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All U.S. poultry meat offered for export is inspected and approved by the Food Safety Inspection Service (FSIS) of the U.S. Department of Agriculture (USDA). The USDA is regarded as the highest authority on food inspection in the world. A USDA stamp signifies that a poultry product is of the highest quality and eligible for export.
U.S. poultry processing plants are thoroughly cleaned and sanitized for an entire eight-hour shift, everyday. All plants are inspected for cleanliness before operations begin, and are washed during and after operations.
Like all fresh foods, poultry carry a natural microflora that may contain organisms potentially harmful to humans. Food safety is a top concern to the U.S. poultry industry, and companies work hard and spend millions of dollars each year to improve the safety of their products. In addition, proper handling, cooking and storage is essential to maximizing food safety.
All U.S. produced chickens and turkeys are hormone-free. No artificial or added hormones are allowed by the U.S. government in the production of U.S. poultry. Steroids are similarly banned. Therefore, hormone-free isn't a necessary label to use, because all U.S. poultry is natural and without hormones.
"Free range" indicates a production unit where chickens are allowed to forage in an outdoor area in search of insects and other types of "range" food. There is, however, no official federal government definition of "free range" and the USDA approves label claims on a case-by-case basis.
Each package of fresh chicken, for example, carries a United States Department of Agriculture (USDA) safe handling and cooking message. Poultry, like all fresh meats, are perishable and should be handled with care to maintain top quality. To maximize food quality and safety, follow these tips: 1. Put fresh poultry and eggs in your shopping basket last, just before you leave the store. 2. Refrigerate immediately upon reaching home, never leave poultry out at room temperature.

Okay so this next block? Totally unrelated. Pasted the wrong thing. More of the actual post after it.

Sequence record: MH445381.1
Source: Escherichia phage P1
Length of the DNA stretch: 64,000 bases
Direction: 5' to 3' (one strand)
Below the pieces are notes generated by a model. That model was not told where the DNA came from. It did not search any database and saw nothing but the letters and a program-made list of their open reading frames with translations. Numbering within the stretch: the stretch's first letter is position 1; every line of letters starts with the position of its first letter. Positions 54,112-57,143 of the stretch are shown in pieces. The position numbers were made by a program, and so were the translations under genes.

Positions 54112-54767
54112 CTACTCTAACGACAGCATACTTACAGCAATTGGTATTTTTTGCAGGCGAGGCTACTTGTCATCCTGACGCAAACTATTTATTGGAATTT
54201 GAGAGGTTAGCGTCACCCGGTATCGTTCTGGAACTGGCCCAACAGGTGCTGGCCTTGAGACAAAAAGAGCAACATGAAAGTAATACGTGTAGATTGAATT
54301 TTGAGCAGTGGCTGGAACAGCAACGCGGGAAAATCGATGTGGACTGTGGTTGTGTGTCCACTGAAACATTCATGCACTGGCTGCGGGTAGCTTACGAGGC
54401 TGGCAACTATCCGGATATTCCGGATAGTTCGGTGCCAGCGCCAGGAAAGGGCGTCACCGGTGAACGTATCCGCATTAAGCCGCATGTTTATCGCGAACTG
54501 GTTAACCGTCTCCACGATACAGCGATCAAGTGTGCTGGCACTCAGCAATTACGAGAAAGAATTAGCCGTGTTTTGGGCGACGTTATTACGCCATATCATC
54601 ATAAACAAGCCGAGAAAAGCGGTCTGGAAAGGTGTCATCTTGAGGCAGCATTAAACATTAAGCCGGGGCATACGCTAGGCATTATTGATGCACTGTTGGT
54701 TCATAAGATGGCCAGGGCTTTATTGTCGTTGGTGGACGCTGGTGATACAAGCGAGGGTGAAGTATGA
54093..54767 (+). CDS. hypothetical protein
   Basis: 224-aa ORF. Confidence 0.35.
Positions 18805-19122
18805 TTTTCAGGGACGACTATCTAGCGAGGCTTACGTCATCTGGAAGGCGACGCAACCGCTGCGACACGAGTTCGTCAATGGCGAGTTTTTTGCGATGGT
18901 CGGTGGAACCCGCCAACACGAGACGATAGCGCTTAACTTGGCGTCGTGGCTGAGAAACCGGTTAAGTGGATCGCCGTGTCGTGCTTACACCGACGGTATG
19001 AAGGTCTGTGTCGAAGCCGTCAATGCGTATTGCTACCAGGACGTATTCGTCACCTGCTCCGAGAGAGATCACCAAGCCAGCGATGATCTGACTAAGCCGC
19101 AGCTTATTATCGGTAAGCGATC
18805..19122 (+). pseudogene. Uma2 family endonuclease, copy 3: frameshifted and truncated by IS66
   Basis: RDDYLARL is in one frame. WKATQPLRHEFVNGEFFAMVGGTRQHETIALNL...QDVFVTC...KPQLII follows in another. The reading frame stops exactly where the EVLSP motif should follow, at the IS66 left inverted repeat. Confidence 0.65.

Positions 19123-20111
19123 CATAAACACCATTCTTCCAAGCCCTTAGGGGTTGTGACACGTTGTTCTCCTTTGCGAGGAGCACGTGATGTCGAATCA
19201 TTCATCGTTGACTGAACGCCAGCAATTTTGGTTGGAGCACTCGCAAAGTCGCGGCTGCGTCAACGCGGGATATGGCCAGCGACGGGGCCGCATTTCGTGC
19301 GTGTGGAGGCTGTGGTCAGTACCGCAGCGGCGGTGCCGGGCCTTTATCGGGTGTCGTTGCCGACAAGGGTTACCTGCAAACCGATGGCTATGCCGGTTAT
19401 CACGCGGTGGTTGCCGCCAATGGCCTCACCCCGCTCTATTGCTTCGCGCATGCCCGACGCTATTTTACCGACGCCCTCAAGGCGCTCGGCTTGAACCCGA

Fresh poultry may be stored in the refrigerator for one to two days and in the freezer for six to nine months; cooked poultry may remain in the refrigerator for three to four days and in the freezer for four months.
Store eggs in their carton because eggs can absorb refrigerator odors.
Fresh shell eggs can be kept refrigerated in their carton for up to 12 weeks beyond the pack date. Quality losses should be insignificant if the eggs are refrigerated as soon as possible after purchase from refrigerated case. Hard cooked eggs can be kept in the refrigerator for up to one week.
The risk of food poisoning from eggs is highest with raw and lightly-cooked dishes. It's best not to serve raw or lightly-cooked dishes made with eggs.
No. Shell color is determined by the breed of hen and is not related to quality, nutrients, flavor or cooking characteristics. Since brown egg-layers are slightly larger birds and require more food, brown eggs are usually more expensive than white.